Today's Top 20 Healthcare News Articles
  1. Ivermectin prescriptions 24x higher than pre-pandemic levels, report says

    The number of prescriptions for ivermectin in the U.S. is now 24 times as high as it was pre-pandemic, according to a report published Oct. 20 in The New England Journal of Medicine that cited data from the CDC. 
  2. Walgreens to train 27,000 pharmacists in mental health first aid

    Walgreens is expanding mental health first aid training to 27,000 of its pharmacists, the company said Oct. 21.
  3. Missourians say new hospital's name is 'no way to honor' slain civil rights leader

    Some Missourians are accusing a new hospital's name of cultural appropriation, which has been named after a late civil rights leader and shuttered hospital for Black St. Louis residents, St. Louis Public Radio reported Oct. 21.

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  1. Mount Sinai selects 11 medical schools for anti-racism initiative

    Icahn School of Medicine at Mount Sinai announced Oct. 21 it will enroll 11 partner medical schools in a new anti-racism initiative. 
  2. Vaccination mandates contributing to workforce supply problems, federal report says

    U.S. employers are experiencing high demand for workers, but labor growth is being hindered by a low supply of workers, in part because of COVID-19 vaccination mandates, the Federal Reserve said Oct. 20.
  3. Healthcare safety scores fell amid pandemic, analysis shows

    Safety performance declined across the entire healthcare industry in 2020, according to an analysis published Oct. 21 by Press Ganey. 
  4. Health issues linked to climate change are increasing, report finds

    An Oct. 20 report from The Lancet Countdown found human-induced climate change is negatively impacting human health in nearly every measurable way.
  1. YouTube teams with CHOP, medical groups to launch children's vaccine video series

    In October, YouTube launched three new video series to equip parents with scientific information about children's vaccines.
  2. Anthem BCBS, Kroger partner on health plans

    Anthem Blue Cross and Blue Shield is partnering with Kroger Health on Medicare Advantage plans that provide members with in-store benefits at Kroger locations.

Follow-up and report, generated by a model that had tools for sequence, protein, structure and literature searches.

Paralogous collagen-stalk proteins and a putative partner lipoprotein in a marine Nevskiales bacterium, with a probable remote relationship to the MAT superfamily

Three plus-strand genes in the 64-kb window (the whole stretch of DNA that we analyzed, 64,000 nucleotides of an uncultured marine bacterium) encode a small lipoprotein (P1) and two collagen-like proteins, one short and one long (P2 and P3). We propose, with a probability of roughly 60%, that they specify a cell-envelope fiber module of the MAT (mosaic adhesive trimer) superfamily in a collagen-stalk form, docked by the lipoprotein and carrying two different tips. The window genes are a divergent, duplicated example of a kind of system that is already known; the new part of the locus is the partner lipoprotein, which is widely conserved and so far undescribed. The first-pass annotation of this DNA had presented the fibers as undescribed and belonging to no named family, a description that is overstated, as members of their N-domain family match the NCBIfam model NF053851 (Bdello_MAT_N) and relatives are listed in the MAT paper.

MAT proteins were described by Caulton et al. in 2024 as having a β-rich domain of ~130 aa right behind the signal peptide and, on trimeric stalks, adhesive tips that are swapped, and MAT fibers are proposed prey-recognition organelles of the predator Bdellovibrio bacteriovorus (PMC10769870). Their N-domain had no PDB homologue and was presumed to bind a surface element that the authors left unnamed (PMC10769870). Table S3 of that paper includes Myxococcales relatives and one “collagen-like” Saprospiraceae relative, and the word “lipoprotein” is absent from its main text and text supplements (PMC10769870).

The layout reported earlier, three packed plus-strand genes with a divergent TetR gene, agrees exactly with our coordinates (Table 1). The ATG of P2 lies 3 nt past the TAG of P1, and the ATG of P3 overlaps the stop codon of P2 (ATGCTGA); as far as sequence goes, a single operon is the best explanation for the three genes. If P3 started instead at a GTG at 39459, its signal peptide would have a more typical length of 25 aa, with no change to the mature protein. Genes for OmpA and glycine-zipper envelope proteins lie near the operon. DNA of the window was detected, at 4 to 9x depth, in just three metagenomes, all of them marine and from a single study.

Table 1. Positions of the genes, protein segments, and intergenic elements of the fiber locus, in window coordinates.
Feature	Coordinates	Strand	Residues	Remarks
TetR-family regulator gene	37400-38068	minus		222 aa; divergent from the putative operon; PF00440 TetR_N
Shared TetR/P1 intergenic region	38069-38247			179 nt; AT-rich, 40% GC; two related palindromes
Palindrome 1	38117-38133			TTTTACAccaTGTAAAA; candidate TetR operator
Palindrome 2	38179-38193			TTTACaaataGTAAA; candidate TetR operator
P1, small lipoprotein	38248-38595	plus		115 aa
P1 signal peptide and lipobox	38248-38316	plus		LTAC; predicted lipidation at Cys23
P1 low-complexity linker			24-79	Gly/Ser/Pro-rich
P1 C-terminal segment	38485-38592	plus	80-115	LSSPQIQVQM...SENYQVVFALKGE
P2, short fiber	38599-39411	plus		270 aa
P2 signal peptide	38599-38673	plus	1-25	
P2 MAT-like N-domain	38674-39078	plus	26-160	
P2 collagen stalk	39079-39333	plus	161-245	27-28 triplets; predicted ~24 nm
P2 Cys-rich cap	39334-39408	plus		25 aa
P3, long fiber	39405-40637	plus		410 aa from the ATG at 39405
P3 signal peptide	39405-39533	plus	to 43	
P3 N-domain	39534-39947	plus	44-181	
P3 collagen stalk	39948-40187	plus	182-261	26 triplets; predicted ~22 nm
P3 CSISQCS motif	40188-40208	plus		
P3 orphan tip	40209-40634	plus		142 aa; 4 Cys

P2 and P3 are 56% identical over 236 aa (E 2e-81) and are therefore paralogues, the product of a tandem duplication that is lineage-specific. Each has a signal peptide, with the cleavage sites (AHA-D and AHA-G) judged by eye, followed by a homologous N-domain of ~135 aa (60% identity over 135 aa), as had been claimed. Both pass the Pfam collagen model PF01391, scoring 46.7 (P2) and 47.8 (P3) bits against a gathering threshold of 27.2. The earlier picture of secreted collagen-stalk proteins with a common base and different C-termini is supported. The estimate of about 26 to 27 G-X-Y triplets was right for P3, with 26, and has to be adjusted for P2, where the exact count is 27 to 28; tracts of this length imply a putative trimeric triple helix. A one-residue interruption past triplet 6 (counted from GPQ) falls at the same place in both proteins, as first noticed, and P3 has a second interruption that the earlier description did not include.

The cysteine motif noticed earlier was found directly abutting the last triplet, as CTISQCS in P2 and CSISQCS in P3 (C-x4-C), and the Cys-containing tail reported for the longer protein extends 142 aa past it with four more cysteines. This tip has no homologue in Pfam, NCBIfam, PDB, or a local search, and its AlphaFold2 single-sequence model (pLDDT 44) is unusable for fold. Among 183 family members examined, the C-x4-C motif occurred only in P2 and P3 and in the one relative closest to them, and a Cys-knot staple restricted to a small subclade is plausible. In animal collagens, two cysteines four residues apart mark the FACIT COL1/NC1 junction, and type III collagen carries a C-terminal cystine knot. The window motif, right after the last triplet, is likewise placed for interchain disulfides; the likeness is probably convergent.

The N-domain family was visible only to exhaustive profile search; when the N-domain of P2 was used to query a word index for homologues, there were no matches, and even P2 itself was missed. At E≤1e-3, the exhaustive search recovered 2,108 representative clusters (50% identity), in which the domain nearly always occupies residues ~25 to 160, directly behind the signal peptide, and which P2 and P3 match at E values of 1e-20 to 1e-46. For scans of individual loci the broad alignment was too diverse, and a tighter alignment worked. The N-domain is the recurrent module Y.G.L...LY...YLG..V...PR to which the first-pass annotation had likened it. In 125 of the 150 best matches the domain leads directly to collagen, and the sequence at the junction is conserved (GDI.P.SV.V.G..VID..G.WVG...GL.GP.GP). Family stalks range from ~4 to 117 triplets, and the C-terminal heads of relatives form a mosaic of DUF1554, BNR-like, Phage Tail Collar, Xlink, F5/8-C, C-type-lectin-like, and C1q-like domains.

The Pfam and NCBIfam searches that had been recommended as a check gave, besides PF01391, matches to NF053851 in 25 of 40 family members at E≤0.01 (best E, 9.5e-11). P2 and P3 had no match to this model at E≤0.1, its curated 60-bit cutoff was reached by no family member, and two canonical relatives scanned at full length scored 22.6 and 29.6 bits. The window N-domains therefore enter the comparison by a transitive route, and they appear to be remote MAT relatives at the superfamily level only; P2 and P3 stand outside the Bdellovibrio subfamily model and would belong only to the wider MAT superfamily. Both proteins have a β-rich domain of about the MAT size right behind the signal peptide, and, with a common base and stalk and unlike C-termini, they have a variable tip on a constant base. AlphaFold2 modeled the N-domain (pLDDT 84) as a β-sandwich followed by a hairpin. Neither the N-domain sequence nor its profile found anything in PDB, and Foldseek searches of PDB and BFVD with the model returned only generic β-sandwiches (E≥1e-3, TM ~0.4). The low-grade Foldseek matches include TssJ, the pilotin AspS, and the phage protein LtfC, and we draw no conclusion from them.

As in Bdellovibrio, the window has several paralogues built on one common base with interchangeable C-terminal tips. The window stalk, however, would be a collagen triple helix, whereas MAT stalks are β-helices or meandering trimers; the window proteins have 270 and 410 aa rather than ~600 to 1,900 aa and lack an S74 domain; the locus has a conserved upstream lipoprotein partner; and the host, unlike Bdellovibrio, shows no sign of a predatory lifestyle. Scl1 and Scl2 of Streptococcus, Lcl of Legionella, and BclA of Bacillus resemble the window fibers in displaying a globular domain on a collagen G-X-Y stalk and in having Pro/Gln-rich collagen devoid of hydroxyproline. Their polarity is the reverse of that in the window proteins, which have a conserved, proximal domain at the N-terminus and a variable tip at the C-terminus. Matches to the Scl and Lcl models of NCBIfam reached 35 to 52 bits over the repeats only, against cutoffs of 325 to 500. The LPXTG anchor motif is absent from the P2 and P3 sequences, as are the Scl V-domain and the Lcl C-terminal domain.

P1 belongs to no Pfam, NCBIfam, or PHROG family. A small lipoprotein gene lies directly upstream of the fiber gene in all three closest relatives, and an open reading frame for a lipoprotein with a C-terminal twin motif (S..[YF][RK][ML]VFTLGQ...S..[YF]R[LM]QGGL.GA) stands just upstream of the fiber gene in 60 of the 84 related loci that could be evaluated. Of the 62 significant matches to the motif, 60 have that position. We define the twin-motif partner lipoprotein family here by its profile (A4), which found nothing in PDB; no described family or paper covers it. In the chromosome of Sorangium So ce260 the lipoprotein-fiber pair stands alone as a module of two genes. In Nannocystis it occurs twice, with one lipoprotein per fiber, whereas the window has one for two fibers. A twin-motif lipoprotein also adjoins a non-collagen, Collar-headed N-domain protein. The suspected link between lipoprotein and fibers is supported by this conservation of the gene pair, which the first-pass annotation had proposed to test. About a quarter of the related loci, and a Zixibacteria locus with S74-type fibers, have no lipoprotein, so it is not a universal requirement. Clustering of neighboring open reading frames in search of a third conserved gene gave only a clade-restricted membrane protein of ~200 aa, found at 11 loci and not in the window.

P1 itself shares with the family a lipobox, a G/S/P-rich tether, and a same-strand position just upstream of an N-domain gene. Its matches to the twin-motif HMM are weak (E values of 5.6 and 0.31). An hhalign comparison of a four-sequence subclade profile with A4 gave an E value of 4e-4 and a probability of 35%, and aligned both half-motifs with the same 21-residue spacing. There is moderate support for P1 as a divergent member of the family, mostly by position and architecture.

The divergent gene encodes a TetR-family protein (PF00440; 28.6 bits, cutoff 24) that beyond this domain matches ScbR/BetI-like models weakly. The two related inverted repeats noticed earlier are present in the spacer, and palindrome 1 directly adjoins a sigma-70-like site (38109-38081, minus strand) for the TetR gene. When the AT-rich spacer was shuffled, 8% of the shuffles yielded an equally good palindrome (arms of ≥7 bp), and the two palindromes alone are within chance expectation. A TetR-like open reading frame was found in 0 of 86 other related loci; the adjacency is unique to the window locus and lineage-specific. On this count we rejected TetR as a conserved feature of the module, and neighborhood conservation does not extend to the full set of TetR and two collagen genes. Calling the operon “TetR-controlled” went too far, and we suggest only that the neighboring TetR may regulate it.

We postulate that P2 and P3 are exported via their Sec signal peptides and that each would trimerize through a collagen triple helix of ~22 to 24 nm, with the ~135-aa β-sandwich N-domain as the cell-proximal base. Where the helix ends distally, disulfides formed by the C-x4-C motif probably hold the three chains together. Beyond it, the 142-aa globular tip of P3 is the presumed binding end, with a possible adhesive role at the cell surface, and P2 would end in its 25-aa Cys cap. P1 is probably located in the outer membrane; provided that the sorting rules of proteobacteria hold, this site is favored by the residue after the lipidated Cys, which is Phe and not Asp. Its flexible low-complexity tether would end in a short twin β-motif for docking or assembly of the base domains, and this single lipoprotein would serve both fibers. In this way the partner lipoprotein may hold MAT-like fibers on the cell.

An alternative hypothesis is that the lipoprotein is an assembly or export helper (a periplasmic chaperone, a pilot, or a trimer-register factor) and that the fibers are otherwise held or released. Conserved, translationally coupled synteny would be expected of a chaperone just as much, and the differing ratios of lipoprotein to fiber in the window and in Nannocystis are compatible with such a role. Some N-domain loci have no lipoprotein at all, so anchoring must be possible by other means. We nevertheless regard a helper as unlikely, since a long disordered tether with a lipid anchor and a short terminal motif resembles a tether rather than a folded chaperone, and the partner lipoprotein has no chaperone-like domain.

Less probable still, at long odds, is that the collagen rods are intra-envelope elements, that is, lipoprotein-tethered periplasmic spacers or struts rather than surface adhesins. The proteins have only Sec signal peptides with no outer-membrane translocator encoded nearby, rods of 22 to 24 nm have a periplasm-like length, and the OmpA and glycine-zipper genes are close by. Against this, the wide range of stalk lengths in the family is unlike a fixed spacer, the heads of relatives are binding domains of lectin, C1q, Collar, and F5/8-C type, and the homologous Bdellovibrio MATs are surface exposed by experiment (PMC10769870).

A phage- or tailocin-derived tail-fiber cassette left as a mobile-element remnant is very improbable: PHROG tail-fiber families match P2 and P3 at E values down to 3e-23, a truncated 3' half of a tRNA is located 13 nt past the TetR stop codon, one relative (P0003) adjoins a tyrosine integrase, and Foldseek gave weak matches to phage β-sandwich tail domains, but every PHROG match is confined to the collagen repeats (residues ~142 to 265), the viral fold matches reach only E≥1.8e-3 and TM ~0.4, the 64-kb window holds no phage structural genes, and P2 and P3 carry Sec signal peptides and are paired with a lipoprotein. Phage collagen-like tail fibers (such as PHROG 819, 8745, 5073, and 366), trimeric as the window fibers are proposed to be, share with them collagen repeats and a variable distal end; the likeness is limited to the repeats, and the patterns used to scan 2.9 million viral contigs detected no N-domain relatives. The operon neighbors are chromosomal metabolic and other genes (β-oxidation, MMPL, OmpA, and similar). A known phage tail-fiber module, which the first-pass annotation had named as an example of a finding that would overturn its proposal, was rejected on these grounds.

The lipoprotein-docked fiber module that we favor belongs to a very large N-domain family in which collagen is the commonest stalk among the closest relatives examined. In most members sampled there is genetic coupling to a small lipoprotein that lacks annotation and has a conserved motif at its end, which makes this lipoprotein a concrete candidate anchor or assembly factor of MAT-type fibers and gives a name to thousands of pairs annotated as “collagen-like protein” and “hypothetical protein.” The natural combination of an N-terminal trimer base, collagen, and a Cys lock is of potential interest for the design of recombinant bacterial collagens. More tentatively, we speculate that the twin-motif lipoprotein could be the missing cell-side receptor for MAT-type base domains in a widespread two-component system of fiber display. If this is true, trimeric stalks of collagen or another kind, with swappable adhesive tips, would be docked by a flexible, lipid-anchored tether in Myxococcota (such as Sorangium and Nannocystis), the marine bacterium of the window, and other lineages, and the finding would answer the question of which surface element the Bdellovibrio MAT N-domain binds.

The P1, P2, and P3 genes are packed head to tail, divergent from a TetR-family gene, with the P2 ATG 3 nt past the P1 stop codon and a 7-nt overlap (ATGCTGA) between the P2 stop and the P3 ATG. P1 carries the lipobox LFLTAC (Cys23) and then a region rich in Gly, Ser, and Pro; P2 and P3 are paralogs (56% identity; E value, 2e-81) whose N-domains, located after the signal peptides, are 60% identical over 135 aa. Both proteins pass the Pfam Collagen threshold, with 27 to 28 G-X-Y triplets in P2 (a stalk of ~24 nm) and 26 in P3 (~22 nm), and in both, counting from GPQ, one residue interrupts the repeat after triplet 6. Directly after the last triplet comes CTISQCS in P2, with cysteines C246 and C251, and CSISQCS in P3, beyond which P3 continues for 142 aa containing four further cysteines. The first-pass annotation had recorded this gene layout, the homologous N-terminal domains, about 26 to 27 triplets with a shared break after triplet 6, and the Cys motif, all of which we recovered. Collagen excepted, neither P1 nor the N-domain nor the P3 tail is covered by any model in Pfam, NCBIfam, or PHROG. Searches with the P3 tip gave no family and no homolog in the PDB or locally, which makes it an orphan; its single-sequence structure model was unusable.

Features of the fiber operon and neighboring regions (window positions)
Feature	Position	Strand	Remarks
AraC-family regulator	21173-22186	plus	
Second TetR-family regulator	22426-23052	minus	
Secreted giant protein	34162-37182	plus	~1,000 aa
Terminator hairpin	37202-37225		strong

3. PHI stolen from vendor in ransomware attack, exposing Humana and Anthem members

    Anthem and Humana began notifying members their protected health information has been exposed in a ransomware attack on a billing vendor.
  4. 7 women making moves in healthcare leadership

    The following leadership moves by women have been reported since Oct. 14:
  1. Walmart must pay pharmacist $27.5M for denying her breaks, overtime pay

    The District Court of Central California on Oct. 20 awarded $27.5 million to Afrouz Nikmanesh, PharmD, after she filed a class-action lawsuit against Walmart, her former employer.
  2. Financial wellness benefits aid recruitment amid the 'Great Resignation'

    As employers experience high staff turnover rates in what is being deemed the "Great Resignation," companies are offering employees financial wellness benefits to help retain workers, according to CNBC.
  3. Patients who are most likely to use telehealth: 5 insights

    Telehealth usage has boomed during the pandemic, but its utilization is not spread evenly across all patient populations, according to a study published in the Journal of the American Medical Informatics Association.
  4. Epic defends diversity, equity and inclusion efforts after leaked recording

    Epic is defending its diversity, equity and inclusion efforts after a leaked recording was released of an executive who said Epic wasn't a platform to fight for social causes, The Wisconsin State Journal reported Oct. 21.
  5. Oak Street Health buys virtual care provider for $130M: 4 details

    Oak Street Health, a Chicago-based network of primary care centers for Medicare patients, acquired virtual consult platform RubiconMD for $130 million, the company said Oct. 21. 
  6. 10 hospitals closing departments, ending services

    Several healthcare organizations have closed medical departments or ended services at facilities to shore up finances, focus on more in-demand services or prevent patient care lapses. 
  7. OIG audit finds TennCare may owe $400M after alleged inflated reimbursement

    A recent audit of Tennessee Medicare found that of the $2 billion in certified public expenditures it claimed during the audit period of 2009 to 2014, $909.4 million was allowable while $1.1 billion was not.
  8. CEO of Nashville General gets pay cut as city reviews his contract

    The compensation and benefits package of Nashville General CEO Joseph Webb has been reduced in advance of contract negotiations after his increasing salary raised questions, the Tennessean reported Oct. 20.
  9. WVU Health System to add 17th hospital

    Princeton (W.Va.) Community Hospital is slated to become West Virginia University Health System's 17th hospital. 

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